Of course, you may do what you like – this is after all your community – and your church – and I release the outcome…but I will not stop dreaming with you – and I promise to continue to visit and pray and talk together about how God can use us to make our community a better place for all God’s children…because you too have been given authority – by virtue of your baptism – the authority to resist evil and injustice in whatever forms it takes…the power to be agents of peace, hope and love in the world…and for this I give thanks.

John Wesley returned home to England – a broken man – and he could have just cashed it all in, returned to Oxford, taught a few classes – and become some obscure, bitter, angry old man. Instead he wrestled with his fears – he confronted his doubts – and he found through prayer, conversations with spiritual friends, and studying the scriptures the one thing – the one thing that he had been missing when he was out on the ocean…


Confidence in God’s love for him –even him.

This is something that sets us apart from other denominations – it is built into our doctrine – our statements about what we believe – we are saved by grace – by faith in a God whose goodness is irrefutable – we should have no doubt about this gift – because it is God’s to give – and he gives it to us with abundance…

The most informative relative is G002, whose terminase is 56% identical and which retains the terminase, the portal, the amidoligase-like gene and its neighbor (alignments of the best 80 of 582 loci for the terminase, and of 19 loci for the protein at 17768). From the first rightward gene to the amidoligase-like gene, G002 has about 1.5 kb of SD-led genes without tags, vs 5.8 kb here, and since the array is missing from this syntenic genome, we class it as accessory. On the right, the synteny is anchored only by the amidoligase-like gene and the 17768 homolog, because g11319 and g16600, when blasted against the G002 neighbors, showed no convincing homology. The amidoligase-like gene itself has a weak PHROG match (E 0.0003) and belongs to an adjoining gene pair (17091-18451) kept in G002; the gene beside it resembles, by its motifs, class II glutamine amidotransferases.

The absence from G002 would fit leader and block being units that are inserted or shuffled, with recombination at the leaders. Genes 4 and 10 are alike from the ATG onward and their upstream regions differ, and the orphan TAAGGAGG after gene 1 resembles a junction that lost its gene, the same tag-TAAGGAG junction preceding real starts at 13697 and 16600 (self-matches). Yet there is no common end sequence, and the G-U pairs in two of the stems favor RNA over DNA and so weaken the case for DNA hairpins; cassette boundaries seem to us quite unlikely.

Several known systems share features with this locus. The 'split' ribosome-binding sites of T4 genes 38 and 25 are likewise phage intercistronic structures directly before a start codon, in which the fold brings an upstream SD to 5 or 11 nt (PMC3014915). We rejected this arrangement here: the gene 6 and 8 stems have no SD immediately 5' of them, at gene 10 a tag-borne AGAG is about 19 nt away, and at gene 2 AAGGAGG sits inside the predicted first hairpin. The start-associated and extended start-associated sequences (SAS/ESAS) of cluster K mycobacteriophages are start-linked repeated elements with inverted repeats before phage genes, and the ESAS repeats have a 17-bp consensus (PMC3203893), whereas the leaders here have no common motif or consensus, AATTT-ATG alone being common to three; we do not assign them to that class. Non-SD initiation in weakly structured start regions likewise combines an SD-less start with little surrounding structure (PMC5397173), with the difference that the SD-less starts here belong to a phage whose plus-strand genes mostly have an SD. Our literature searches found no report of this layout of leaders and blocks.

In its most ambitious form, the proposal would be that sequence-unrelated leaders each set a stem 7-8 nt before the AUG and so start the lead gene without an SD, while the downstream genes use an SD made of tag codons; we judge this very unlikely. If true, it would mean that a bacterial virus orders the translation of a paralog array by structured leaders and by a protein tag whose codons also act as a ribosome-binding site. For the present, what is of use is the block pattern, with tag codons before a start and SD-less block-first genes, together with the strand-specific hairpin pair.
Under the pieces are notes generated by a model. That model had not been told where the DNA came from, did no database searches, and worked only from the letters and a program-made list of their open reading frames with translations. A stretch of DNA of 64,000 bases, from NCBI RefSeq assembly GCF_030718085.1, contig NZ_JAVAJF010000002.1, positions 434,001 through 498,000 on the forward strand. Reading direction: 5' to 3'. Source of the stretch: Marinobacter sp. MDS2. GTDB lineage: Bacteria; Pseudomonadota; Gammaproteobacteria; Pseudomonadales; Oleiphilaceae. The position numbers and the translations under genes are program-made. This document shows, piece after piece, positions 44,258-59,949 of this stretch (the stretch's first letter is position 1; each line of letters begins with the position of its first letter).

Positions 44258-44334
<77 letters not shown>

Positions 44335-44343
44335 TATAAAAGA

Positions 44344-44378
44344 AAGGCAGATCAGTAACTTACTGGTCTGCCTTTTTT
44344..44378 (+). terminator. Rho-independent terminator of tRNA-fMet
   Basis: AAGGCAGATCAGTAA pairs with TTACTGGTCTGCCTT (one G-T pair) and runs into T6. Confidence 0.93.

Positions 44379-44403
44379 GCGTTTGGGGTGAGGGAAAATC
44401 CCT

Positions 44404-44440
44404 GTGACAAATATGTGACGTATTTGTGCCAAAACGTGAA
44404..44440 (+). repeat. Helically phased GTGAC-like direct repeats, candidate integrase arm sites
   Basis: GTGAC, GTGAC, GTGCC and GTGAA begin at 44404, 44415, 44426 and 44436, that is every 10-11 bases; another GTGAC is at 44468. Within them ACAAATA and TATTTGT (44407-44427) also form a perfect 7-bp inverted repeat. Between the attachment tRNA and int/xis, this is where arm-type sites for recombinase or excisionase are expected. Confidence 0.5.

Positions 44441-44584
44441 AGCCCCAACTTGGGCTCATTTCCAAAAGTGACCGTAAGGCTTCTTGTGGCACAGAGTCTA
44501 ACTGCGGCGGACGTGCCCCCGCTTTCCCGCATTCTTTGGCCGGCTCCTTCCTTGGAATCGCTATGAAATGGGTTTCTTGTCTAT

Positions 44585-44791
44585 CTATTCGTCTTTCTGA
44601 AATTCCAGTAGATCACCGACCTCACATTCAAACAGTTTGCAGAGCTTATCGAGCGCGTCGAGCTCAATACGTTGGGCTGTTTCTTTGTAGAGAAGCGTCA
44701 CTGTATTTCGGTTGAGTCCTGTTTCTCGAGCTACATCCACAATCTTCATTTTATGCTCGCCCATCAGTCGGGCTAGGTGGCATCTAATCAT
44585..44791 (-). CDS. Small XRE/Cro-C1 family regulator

As a result of the gift of God’s abundant grace, John Wesley became emboldened – we may joke about it a bit – about John’s conversion experience on May 24, 1738 – when John Wesley wrote in his journal that his heart was strangely warmed by the realization that God loved even him. It’s what we call his Aldersgate experience – but it was just what he needed to be able to dream and risk again…we will talk more about that next week.

Grace – its all about grace – and if you remember nothing else from our message today – know that grace is a gift – it is not deserved…Grace is a reflection not of our goodness – but of the generosity of God. Grace is surprising, overwhelming and amazing! For this gift I give thanks.

In the name of God the Father, God the Son, and God the Holy Spirit. Amen.